9. Santana January 15, 2015 at 10:00 pm #

    If i am going to invest 15K, should i invest 5500 in the TFSA Investment fund and the rest in a regular Investment fund?

  10. Rob January 27, 2015 at 1:11 pm #

    What about BMO ETF portfolio mutual funds offered to Investorline users? Wouldn’t these fare as an attractive alternative to Tangerine’s funds for a small investor seeking a one-fund solution?

  11. Canadian Couch Potato January 28, 2015 at 7:57 pm #

    @Rob: Hard to say anything without seeing the details of the actual fund, but as long as the fees are low and the fund is broadly diversified it’s likely to be a reasonable alternative.

  12. Susan February 23, 2015 at 1:25 pm #

    Hello, I have a whole bunch of RSP GICs in Tangerine already, as well as a TSFA (and another with Royal and mutual funds with Philips Hager North). I also have a couple of unreegistered savings accounts with Tangerine.
    I would like to be getting more than the pittance GICs offer. What kind of returns can I expect with Tangerine’s One-Fund?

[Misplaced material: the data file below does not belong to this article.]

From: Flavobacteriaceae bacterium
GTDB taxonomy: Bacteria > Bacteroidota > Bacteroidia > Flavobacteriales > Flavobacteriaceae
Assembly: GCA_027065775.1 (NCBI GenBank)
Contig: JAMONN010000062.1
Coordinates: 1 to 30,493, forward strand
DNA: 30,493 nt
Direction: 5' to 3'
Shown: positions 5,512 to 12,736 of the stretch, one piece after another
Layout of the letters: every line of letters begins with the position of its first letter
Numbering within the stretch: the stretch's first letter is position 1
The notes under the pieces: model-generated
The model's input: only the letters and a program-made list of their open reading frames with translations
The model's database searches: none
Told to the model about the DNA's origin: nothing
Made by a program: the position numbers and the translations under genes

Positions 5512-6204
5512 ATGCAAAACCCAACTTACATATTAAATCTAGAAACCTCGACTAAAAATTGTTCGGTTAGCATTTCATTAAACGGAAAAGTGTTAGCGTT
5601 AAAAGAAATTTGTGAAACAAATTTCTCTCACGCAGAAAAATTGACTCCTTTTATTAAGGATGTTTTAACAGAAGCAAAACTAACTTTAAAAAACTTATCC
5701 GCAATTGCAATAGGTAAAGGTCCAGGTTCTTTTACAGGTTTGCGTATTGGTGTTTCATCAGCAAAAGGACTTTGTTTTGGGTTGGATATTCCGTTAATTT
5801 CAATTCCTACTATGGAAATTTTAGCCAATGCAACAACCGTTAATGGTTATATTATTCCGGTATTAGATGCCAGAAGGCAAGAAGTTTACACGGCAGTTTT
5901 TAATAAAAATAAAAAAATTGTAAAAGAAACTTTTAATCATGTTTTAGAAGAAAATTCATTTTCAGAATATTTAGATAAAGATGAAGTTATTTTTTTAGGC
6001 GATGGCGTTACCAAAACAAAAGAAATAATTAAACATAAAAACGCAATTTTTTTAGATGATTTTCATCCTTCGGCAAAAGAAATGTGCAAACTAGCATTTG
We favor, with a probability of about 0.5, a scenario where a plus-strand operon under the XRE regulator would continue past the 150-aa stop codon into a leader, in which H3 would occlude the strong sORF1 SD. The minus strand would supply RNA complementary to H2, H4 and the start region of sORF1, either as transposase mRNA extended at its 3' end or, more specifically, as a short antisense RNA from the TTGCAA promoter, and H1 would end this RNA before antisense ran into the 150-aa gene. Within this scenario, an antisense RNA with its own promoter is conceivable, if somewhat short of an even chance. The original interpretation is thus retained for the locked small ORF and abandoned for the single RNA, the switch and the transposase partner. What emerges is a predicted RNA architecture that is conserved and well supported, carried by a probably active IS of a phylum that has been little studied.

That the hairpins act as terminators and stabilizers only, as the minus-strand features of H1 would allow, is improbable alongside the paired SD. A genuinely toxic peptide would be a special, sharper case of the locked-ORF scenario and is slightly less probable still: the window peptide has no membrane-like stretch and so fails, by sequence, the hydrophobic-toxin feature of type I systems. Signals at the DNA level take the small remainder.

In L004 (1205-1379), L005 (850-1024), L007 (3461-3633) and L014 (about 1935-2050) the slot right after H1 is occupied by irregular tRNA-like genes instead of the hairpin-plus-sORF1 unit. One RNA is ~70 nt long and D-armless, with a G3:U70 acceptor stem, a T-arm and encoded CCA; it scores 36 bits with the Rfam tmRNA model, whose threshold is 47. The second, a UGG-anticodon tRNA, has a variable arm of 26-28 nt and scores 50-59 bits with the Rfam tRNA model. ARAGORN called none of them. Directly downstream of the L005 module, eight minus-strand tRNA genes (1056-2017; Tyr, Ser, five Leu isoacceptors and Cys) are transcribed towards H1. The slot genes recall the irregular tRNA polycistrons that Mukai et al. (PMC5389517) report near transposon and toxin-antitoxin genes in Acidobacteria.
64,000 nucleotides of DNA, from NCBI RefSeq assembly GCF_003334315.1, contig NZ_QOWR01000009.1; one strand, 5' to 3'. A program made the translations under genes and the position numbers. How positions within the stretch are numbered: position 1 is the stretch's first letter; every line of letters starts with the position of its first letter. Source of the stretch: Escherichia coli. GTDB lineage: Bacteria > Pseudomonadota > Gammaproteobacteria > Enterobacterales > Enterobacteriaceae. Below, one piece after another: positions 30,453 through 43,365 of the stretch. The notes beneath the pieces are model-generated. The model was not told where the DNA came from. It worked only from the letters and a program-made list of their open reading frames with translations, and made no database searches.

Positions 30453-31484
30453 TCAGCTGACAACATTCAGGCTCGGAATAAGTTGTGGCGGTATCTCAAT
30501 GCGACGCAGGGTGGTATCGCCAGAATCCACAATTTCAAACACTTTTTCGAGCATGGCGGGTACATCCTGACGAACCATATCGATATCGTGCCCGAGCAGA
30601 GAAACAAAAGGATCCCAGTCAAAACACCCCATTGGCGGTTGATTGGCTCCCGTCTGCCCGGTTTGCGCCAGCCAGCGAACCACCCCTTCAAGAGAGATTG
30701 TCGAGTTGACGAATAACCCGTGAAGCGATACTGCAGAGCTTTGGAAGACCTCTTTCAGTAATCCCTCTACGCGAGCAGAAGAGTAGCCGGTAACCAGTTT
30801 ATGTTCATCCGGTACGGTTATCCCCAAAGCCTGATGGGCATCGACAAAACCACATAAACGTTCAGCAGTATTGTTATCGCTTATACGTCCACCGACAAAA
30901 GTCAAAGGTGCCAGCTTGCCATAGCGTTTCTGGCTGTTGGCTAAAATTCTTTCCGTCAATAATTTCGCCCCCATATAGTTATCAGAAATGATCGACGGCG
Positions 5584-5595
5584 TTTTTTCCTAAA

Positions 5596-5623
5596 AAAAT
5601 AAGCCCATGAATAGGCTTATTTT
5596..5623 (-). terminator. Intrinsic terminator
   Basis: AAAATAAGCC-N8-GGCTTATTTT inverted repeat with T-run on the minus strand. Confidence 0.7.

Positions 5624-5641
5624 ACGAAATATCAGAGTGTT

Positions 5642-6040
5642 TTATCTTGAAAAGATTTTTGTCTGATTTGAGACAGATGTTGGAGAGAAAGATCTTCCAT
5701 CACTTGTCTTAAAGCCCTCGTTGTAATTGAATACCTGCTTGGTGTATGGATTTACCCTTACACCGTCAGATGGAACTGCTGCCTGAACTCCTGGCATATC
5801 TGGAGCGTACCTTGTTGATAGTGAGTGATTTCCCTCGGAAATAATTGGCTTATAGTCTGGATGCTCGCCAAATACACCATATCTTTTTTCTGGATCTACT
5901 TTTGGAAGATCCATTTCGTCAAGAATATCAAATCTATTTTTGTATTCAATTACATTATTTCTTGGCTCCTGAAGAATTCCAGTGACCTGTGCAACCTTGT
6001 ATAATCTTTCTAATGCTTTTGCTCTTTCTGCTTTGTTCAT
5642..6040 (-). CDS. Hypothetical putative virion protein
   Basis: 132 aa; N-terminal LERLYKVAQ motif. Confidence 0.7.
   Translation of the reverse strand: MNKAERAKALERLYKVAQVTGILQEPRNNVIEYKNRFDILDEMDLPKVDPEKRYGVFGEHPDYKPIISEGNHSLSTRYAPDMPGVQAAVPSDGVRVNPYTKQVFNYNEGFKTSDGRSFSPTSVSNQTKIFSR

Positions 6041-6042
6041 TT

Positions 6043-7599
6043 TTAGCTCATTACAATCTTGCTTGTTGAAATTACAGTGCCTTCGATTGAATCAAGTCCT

I’m an unsophisticated investor who isn’t very good at keeping an eye on things so I would like a low-maintenance option. I’m 54 and hope to retire by 62 or so. (I also have a good defined-benefits pension from a private firm.)
    My RSPs are maxed out but not my TSFAs (I think around $10K but may be $15 in them) and I would like to max them out.
    Thank you for any help.

  13. Canadian Couch Potato February 23, 2015 at 11:09 pm #

    @Susan: Because the Tangerine funds have a high allocation to stocks, their returns are not predictable. You may want to look at their long-term performance to get some idea of their past returns and risk:
    https://www.tangerine.ca/en/investing/investment-funds/investment-fund/index.html
    http://canadiancouchpotato.com/wp-content/uploads/2015/01/CCP-Model-Portfolios-Tangerine.pdf